Nancy, Taos

Nancy is a graduate student in the Master of Liberal Studies program in the Annette Caldwell Simmons School of Education and Human Development. During summer 2012, she is participating in a course on New Mexico wildflowers at SMU-in-Taos.

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Soaking it up

Soaking in the Iron Spring

I didn’t think our last day at SMU-in-Taos would top the hike to Williams Lake, but I was wrong.

Today we went to Ojo Caliente spa and resort, home to geothermal mineral water that has flowed from a subterranean volcanic aquifer for thousands of years. It was first used by Native Americans more than 1,000 years ago. In the 1500s the Spanish soaked in the springs, and we continued the tradition today. At the spa, adobe buildings surround a courtyard filled with flowers and sculptures. Soft Native American music playing in the background set the tone. Our group was challenged by the signs that said, “Whisper,” but soon we were so mellow we hardly talked.

Muddy Doug.

First stop was the 104-degree Iron Spring, warm iron-rich water beneficial to the blood and immune system. Next we moved to the mud baths. Yes, we were wearing swimsuits. We coated ourselves with cold soupy mud and sat in the sun until it dried. After we washed off the mud our skin was as soft as a baby’s. Next was the 100-degree Soda Spring followed by the 107-degree Arsenic Spring, which is not poisonous but good for skin conditions. By this point we were so relaxed we didn’t care if we had skin conditions or not. After the cooling pool and wet and dry saunas, we were practically in comas.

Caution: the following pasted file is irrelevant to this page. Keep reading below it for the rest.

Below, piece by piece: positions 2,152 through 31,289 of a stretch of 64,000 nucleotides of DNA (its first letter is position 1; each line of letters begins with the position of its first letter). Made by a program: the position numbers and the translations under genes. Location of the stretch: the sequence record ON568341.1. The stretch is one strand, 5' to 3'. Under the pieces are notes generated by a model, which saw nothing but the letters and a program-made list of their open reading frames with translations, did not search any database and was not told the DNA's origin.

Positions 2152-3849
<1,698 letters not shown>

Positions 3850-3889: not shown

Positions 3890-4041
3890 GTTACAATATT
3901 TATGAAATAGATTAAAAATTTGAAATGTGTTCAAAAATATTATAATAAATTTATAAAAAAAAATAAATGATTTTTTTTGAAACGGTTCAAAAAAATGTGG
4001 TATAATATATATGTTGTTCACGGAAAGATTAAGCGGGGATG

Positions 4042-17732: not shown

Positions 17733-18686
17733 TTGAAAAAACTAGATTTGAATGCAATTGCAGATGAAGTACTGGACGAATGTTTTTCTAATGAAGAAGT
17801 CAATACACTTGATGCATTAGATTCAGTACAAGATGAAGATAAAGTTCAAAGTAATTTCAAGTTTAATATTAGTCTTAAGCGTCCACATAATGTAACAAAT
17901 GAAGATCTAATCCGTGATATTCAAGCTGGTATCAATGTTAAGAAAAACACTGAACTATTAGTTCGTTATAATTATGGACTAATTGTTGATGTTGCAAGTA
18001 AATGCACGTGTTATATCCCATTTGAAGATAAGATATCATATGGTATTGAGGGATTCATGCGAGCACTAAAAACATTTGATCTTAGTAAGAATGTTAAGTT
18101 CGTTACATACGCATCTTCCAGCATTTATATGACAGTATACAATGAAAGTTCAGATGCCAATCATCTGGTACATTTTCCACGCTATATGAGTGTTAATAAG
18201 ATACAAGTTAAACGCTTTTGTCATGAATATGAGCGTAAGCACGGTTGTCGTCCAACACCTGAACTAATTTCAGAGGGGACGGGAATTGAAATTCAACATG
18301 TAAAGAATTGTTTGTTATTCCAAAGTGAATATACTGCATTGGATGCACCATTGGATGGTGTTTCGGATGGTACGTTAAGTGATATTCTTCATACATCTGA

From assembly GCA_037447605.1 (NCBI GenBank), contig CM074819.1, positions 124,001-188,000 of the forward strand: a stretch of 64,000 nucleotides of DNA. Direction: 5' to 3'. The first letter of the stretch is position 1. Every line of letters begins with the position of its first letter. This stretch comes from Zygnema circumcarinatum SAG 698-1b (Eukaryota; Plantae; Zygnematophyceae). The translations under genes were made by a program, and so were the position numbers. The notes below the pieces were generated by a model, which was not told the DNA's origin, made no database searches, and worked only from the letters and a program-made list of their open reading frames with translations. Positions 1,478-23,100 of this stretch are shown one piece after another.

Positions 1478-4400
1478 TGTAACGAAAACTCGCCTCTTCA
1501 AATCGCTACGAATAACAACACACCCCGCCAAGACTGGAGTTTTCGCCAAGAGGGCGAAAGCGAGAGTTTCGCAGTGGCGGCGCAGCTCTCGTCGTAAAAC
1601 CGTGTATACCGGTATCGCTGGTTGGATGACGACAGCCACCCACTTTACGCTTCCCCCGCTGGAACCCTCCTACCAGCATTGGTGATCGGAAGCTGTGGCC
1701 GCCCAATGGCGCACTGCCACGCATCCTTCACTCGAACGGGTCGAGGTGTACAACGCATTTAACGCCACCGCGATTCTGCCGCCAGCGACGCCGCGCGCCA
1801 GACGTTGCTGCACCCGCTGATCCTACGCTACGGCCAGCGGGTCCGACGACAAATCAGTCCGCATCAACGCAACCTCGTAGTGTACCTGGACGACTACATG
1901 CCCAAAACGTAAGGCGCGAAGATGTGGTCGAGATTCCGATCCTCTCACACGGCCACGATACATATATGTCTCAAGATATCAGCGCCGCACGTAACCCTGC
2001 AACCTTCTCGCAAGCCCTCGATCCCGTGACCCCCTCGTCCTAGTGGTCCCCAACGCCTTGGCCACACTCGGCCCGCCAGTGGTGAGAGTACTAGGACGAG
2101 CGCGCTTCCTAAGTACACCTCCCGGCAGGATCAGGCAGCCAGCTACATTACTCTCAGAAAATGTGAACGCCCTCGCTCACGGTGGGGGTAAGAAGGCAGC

Just the right number of cooks in the kitchen: Doug, Jose and Jeanne

Only one thing could rejuvenate us – lunch. At the spa restaurant I had the best gazpacho: tomatillo and green chili.

For our last evening together, Dr. Ubelaker hosted us at his house for chili, baked beans, salad and cobbler. We had just enough cooks in the kitchen with Jeanne, Doug, Sandra, Jose and me stirring things up. Dr. Ubelaker grilled elk brats, too, for a wonderful party. We spent one last evening admiring the view from his flagstone patio. The mountains we saw in the distance were in Colorado, 40 miles away.

Before it got too dark we took a look at his cactus garden, and the new cactus species he recently discovered. We gave him plenty of suggestions of names for the new species and for his house.

This little guy needs a name.

Facts of the Day

  • Two couples in our class celebrated wedding anniversaries on our trip. Happy 38th anniversary to Les and Ruthann and 32nd anniversary to Doug and Jeanne.
  • Cactus plants occur naturally only in North America. They have been imported to Europe and South America.
  • Cactus were the last plants to evolve. They evolved about the same time as rabbits.
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